In FIG. 11, the same reference numerals as in the wavelength dispersion measuring apparatus of the first embodiment shown in FIG. 1 denote the same parts, and a detailed description thereof will be omitted.

A reference signal generator 21 supplies a reference signal to first and second pulse light sources 22 and 23.

The first pulse light source 22 outputs a first optical pulse a synchronous with the reference signal.

A wavelength λ of this first optical pulse a is variably controlled by a wavelength control signal from a controller 28a.

Input light to an analyzer 44 is sometimes converted into linearly polarized light depending upon the polarized state of an incident optical pulse b and upon the polarization characteristics of an object 25 to be measured.

In a case like this, a polarization controller is inserted in a position before the incident optical pulse b enters the object 25.

An optical demultiplexer 24 demultiplexes the output first optical pulse a from the first pulse light source 22 into the incident optical pulse b to be sent into the object 25 to be measured, such as an optical fiber, and a reference optical pulse c.

The incident optical pulse b passing through the object 25 enters the analyzer 44.

Of the incident optical pulse b passing through the object 25, this analyzer 44 passes only a light component in a polarization direction α set by the controller 28a.

An optical multiplexer 26 multiplexes an incident optical pulse b1 passing through the object 25 and the reference optical pulse c and outputs multiplexed light d to one input of a polarization separator (not shown) in a subsequent sampling unit 27.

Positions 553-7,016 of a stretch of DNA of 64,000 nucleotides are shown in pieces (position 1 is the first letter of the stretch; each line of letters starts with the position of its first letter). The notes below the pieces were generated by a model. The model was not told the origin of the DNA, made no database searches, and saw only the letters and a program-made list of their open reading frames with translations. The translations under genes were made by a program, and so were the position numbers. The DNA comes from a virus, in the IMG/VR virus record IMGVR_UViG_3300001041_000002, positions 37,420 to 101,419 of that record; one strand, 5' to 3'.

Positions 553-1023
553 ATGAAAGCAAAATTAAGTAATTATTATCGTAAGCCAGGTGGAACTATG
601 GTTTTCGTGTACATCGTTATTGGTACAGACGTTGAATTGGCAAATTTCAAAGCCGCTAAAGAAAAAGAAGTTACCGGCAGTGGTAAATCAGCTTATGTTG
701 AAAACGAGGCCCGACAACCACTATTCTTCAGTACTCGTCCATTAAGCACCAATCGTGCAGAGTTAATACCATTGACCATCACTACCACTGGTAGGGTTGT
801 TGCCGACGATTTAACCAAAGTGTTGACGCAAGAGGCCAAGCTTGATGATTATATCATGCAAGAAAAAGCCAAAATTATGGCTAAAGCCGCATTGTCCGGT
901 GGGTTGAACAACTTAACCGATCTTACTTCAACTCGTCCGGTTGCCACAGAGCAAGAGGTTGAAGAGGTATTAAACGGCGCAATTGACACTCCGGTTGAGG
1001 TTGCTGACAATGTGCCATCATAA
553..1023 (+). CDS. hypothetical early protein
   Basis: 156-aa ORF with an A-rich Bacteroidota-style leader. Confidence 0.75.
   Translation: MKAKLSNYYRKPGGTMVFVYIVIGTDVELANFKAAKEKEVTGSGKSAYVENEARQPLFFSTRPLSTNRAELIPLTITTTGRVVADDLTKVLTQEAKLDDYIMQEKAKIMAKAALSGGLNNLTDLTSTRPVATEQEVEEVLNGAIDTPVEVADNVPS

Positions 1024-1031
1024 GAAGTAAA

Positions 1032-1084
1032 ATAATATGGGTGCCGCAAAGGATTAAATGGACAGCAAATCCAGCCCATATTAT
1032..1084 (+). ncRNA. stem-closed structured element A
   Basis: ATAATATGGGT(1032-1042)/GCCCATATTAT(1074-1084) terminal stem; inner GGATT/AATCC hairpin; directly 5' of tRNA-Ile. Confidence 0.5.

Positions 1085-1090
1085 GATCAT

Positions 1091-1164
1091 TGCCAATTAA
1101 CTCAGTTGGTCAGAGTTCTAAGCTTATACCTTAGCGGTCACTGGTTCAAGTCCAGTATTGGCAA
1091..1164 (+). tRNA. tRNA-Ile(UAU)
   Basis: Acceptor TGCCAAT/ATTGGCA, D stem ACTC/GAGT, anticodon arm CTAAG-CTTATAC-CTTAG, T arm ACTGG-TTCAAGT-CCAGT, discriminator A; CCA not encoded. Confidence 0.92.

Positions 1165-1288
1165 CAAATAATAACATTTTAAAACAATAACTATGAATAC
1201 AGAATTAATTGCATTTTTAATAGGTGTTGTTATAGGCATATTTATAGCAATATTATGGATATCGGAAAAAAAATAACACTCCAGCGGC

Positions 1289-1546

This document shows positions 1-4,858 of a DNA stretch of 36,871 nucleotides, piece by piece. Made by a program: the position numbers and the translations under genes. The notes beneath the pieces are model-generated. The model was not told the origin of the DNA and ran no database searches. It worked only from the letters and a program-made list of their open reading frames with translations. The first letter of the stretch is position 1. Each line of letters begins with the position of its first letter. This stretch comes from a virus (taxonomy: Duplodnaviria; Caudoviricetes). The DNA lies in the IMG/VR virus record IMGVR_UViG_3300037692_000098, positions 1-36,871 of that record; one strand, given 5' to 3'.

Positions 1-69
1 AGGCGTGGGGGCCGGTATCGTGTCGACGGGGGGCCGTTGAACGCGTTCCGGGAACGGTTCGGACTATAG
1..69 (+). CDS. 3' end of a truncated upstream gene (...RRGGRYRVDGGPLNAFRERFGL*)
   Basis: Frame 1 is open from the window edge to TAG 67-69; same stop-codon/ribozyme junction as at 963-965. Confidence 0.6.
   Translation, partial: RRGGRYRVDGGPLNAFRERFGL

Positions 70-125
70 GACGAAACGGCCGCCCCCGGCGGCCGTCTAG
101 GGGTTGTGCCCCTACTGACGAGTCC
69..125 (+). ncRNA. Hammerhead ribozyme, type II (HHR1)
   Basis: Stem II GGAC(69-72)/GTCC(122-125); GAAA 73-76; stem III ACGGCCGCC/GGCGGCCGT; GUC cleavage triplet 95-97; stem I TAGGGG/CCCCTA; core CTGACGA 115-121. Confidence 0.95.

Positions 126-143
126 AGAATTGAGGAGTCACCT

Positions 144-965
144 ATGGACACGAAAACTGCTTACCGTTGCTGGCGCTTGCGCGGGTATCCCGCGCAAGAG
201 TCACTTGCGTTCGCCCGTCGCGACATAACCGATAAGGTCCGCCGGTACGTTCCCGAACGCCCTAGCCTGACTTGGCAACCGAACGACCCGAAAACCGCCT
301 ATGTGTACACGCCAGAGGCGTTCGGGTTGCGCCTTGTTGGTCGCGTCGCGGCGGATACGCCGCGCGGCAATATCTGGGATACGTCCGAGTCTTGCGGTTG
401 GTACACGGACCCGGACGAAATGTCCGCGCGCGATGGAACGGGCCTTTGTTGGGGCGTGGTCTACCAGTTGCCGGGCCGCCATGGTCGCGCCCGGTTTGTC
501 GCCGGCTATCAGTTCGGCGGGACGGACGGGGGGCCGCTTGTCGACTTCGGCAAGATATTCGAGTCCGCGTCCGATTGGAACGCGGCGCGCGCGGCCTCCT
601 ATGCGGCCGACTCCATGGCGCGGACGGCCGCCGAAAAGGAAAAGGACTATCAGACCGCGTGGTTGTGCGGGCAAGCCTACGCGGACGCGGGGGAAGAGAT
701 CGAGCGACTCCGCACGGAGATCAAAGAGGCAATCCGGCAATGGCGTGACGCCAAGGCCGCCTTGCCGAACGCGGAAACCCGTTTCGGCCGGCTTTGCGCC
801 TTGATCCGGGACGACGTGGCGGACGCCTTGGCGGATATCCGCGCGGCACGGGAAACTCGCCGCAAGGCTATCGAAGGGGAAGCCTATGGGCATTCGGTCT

The other input of the polarization separator in this sampling unit 27 receives an output second optical pulse e from the second pulse light source 23. This second optical pulse e is synchronous with the first optical pulse a and delays a predetermined time ΔT for each period T of the first optical pulse a.

The waveform of the multiplexed light d obtained by the optical multiplexer 26 contains the peaks of the incident optical pulse b1 composed of only the specific light component in the polarization direction α which passes through the analyzer 44, and the peaks of the reference optical pulse c.

As in the case of the multiplexed light d in the wavelength dispersion measuring apparatus of the first embodiment, therefore, by using this second optical pulse e the sampling unit 27 and a signal processor 37 can obtain the waveform of an envelope j corresponding to a waveform obtained by enlarging the waveform of the multiplexed light d in the time base direction.

The waveform of this envelope j is supplied to the controller 28a.

From the waveform of the envelope j obtained by enlarging the waveform of the multiplexed light d in the time base direction, the controller 28a calculates a delay time tD of the peak of the incident optical pulse b1 from the peak of the reference optical pulse c.